Mobility aids are necessary for many people living with dementia, but these helpful devices can actually increase the risk of falls. In fact, people with dementia are three times more likely to suffer a fall when using a mobility aid, such as a cane, walker or wheelchair, compared to not using one at all, according to an Alzheimer’s Association-funded study designed to dig deeper into why this is so. As with most care plans for residents in memory care, the most appropriate mobility aid for any particular person can be a moving target as ambulation ability, balance, eyesight and cognition change over time.
In order to reduce the risk of falls posed by mobility aids in memory care communities, we need to look at several considerations. Here are a few suggestions based on our observations of thousands of videos of falls from our partner memory care communities:
A trained Physical Therapist should assess if the correct aid is being used. There are quite a few options for wheelchairs, walkers, canes and lifts, and a trained professional will observe a person’s gait, balance and daily use of the aid to determine which type best suits that particular individual.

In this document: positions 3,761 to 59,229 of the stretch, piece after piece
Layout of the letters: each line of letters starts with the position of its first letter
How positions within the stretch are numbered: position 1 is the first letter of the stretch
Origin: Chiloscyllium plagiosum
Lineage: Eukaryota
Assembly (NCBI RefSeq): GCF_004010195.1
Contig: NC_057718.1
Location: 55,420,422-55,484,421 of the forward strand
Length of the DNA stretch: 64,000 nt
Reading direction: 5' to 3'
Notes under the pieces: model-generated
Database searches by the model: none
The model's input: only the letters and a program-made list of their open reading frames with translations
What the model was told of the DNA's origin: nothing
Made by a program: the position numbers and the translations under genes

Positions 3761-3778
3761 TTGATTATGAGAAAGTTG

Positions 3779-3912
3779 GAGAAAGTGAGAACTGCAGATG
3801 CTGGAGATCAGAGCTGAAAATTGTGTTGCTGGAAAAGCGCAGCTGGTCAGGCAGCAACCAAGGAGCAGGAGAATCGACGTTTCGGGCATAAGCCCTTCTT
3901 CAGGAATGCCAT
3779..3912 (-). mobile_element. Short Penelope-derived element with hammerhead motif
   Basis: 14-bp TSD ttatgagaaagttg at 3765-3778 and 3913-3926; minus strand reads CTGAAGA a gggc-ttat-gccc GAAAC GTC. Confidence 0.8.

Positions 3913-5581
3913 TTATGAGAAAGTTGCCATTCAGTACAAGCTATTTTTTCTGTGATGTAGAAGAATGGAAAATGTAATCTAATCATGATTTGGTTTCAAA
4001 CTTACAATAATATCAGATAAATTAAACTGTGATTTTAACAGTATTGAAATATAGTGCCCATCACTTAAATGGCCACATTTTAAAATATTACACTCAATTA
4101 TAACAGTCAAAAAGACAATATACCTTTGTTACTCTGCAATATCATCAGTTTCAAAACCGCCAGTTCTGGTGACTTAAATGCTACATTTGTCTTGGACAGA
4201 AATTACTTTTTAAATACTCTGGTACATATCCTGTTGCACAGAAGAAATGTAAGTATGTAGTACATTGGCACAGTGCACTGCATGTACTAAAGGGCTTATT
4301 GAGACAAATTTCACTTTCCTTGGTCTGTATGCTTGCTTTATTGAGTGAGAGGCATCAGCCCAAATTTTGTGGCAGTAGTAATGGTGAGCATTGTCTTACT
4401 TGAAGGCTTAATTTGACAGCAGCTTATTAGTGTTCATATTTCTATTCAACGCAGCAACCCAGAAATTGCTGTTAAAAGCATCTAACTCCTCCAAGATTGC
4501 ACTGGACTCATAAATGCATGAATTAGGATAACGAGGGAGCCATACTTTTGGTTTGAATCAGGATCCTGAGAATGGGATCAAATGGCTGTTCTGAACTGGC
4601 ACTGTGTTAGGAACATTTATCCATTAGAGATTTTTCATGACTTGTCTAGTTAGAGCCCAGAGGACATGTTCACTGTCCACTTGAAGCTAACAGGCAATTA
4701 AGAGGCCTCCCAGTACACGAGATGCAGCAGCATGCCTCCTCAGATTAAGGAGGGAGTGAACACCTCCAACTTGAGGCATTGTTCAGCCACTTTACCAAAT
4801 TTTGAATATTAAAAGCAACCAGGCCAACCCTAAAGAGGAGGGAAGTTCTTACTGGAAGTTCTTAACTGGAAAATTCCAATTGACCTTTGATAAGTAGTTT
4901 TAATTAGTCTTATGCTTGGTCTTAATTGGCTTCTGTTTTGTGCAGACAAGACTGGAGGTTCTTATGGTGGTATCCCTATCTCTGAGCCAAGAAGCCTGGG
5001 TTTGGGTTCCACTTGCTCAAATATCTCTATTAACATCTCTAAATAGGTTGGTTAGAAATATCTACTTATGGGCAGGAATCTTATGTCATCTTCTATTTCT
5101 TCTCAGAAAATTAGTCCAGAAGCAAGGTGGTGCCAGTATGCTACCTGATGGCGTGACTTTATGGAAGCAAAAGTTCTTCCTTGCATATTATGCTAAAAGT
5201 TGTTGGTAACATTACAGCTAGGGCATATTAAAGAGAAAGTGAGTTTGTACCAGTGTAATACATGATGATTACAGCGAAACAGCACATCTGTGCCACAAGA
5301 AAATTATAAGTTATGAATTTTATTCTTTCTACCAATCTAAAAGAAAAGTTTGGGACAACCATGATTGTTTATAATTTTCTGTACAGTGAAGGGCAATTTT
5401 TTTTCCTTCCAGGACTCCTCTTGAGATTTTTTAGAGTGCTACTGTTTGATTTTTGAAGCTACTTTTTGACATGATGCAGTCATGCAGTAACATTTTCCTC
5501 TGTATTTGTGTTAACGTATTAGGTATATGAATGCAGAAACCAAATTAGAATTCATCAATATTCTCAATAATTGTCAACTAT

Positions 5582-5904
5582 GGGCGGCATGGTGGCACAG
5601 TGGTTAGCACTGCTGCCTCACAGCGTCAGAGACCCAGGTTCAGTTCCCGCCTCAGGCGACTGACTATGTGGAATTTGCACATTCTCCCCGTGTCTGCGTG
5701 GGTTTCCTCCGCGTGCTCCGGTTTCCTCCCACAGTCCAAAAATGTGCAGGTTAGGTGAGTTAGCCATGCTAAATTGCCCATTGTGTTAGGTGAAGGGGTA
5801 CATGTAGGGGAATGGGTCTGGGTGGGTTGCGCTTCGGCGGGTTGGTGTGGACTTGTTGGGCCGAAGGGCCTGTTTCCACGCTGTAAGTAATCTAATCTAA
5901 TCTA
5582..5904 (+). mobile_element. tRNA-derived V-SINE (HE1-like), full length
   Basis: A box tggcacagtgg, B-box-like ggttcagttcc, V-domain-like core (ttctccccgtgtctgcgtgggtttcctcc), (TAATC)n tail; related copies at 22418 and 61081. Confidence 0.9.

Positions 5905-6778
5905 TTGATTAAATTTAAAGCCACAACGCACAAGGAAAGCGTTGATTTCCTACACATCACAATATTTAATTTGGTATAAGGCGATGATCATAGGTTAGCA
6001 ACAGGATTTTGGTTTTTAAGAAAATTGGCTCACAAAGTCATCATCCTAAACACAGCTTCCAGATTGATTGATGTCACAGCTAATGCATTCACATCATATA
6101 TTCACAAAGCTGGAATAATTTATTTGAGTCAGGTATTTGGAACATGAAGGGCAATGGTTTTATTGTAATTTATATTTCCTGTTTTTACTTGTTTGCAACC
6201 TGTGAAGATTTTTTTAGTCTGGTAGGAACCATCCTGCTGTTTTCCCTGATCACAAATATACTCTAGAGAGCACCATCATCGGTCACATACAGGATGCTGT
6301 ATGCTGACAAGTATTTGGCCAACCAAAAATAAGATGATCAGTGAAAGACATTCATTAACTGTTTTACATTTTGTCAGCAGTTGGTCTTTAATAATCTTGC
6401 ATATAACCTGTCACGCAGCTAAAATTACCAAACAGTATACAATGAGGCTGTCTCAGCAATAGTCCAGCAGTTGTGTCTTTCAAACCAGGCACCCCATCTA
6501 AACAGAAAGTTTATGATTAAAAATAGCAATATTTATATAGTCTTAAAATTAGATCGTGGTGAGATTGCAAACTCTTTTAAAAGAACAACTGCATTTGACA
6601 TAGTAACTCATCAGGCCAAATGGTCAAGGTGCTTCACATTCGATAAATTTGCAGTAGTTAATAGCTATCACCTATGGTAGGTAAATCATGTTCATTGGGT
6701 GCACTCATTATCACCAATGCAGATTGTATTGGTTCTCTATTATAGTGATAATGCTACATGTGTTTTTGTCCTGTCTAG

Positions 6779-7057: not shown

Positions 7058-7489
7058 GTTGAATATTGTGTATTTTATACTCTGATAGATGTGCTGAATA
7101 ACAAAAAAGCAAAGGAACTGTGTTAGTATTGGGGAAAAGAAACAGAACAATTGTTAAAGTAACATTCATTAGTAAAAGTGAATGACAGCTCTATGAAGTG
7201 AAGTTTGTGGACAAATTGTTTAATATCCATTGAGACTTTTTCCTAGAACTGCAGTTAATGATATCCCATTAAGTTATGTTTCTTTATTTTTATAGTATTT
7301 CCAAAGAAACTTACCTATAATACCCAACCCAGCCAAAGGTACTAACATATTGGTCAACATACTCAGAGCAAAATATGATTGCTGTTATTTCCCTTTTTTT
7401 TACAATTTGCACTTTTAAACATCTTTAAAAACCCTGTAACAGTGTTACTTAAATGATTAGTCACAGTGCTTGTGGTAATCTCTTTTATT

Make sure the resident uses the device properly. This can be one of the biggest challenges when working with people living with dementia. Some residents can be trained on new mobility devices; however, for some, it can be a lot more challenging. We often see residents using wheelchairs as walkers, which can easily gain momentum and cause a fall. Would the resident do this if there was a walker within reach? Would a locked wheelchair prevent this action?
Consider the placement of the mobility aid within each room. Again, the most appropriate placement will vary for each resident, but making sure the aid is either within line of sight or within reach is key for residents on the move. When placing a walker or wheelchair next to a resident’s bed or chair, leave it at a 45-degree angle facing their strongest side. Check for trip hazards like small tables and floor mats that can interfere with the resident’s path.
Be aware of physical and cognitive changes and be open to changing out the device in use. A great way to prevent falls involving mobility devices is to use the care staff’s periodic wellness checks to assess the room and resident for the correct set-up. They should consider: Is the walker or wheel chair in the best position for this resident? Should the device be locked or unlocked? Can I help to re-position the resident in their bed or chair to reduce the likelihood of falling when they go to self-transfer?
Mobility aids definitely help those living with dementia enjoy greater freedom and independence as well as boost their confidence and self-esteem. With the proper assessment, fit and use, mobility aids can greatly improve the quality of life for memory care residents while enabling fall prevention in memory care.